In terms of why I chose romance—honestly, romantic stories about LGBTQ people were something I’d constantly sought as a youth. As a bisexual kid, I never saw my stories told in a way that was hopeful. I found that romance was the only genre willing to give me something other than gloom and doom for queer people.

ER: Continuing in these lines – what is the best and the worst thing about being a writer?

SH: The best thing is receiving feedback from readers who read my stories and were able to relate to them. The worst thing is the way I get caught up in expectations. I’m very aware of what the majority of readers appear to want versus what I want to write, and sometimes it’s hard to make that jive.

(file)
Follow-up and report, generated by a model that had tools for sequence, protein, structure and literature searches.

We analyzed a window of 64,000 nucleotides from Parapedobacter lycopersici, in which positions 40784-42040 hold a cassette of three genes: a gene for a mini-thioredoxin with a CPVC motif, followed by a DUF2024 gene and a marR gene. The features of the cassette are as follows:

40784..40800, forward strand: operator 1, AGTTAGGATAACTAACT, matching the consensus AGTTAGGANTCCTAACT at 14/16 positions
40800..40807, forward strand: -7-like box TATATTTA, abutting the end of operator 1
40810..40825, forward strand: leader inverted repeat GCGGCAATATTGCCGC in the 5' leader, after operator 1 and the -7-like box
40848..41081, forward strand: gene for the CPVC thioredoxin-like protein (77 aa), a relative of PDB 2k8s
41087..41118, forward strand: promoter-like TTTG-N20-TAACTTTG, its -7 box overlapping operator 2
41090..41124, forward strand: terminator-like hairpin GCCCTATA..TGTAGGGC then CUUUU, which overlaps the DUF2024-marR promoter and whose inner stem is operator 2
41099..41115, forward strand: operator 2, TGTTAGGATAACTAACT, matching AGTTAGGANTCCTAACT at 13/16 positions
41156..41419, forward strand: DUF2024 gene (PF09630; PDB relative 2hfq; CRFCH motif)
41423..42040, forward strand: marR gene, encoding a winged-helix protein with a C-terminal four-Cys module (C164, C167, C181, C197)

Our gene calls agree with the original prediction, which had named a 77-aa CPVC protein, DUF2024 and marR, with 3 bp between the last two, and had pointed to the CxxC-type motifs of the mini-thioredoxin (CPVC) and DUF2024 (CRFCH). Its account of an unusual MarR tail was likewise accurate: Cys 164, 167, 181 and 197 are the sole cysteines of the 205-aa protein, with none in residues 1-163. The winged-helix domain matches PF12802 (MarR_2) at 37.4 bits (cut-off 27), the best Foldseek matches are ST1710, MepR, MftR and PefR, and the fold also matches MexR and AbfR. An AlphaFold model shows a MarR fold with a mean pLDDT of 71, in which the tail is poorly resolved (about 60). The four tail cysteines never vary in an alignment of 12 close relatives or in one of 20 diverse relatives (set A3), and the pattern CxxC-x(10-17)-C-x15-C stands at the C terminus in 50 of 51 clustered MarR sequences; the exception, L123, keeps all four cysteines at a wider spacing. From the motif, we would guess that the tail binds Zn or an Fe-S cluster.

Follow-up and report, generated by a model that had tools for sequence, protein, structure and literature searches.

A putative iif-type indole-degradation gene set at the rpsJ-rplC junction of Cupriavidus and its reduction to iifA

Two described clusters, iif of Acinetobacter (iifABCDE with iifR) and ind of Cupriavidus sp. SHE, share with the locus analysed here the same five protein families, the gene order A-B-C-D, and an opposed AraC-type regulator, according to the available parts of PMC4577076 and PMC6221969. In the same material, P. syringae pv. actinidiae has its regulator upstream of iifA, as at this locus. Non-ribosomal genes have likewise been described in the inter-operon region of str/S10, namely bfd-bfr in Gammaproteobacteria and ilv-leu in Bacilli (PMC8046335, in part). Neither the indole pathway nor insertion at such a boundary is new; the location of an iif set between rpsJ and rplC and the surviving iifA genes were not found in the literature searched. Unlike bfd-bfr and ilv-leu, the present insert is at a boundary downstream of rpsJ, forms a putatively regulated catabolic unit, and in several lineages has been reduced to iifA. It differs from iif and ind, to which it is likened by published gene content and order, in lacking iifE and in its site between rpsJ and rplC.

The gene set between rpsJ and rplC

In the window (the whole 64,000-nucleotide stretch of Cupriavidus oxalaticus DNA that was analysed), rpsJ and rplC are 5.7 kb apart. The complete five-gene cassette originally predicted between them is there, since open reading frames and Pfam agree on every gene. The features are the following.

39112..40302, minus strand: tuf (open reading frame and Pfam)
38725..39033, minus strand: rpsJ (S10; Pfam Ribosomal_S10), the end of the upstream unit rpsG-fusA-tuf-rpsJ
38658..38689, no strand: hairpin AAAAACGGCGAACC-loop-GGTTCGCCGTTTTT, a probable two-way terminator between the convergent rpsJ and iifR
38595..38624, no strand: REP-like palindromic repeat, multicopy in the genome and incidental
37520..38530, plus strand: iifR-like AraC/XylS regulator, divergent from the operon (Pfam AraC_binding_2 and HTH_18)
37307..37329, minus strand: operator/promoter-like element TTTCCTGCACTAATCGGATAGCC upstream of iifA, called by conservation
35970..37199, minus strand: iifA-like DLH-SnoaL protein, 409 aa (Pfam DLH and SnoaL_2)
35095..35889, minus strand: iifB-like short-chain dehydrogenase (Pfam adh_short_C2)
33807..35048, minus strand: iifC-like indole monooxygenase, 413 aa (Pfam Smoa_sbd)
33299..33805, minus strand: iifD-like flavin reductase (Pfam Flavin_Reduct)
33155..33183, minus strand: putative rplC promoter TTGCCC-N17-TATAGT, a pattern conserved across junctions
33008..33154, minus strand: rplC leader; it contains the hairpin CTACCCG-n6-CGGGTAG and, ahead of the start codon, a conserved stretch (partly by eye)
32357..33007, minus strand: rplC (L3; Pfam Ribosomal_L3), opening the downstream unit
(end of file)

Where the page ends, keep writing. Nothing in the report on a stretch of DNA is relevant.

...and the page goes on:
ER: Can you share some more details about your writing process – I already know you use NaNoWriMo but are there any other writing methods and strategies that you use in your writing?

SH: My main strategy is to set a SMART goal. That’s super teachery of me, but a smart goal is a goal that’s Specific, Measurable, Attainable, Relevant, and Timely. These days, my goal for writing is to finish one scene per day (in the book with a deadline) on weeknights, and two scenes per day on weekends. I also use a variety of apps to stay focused and shut off distractions.

ER: What is the easiest and the most difficult thing for you when it comes to writing?

SH: The easiest thing for me is dialogue. I’m not sure why, but the flow of two or more people conversing, with multiple character voices, is my strength. What’s hard for me is fleshing out a narrative. My writing used to be very terse.

ER: Are you a plotter or a pantser?

SH: A total plotter. These days, I’ve been outlining an entire book by chapter and then each scene in the chapters. It helps me stay focused so I can set goals.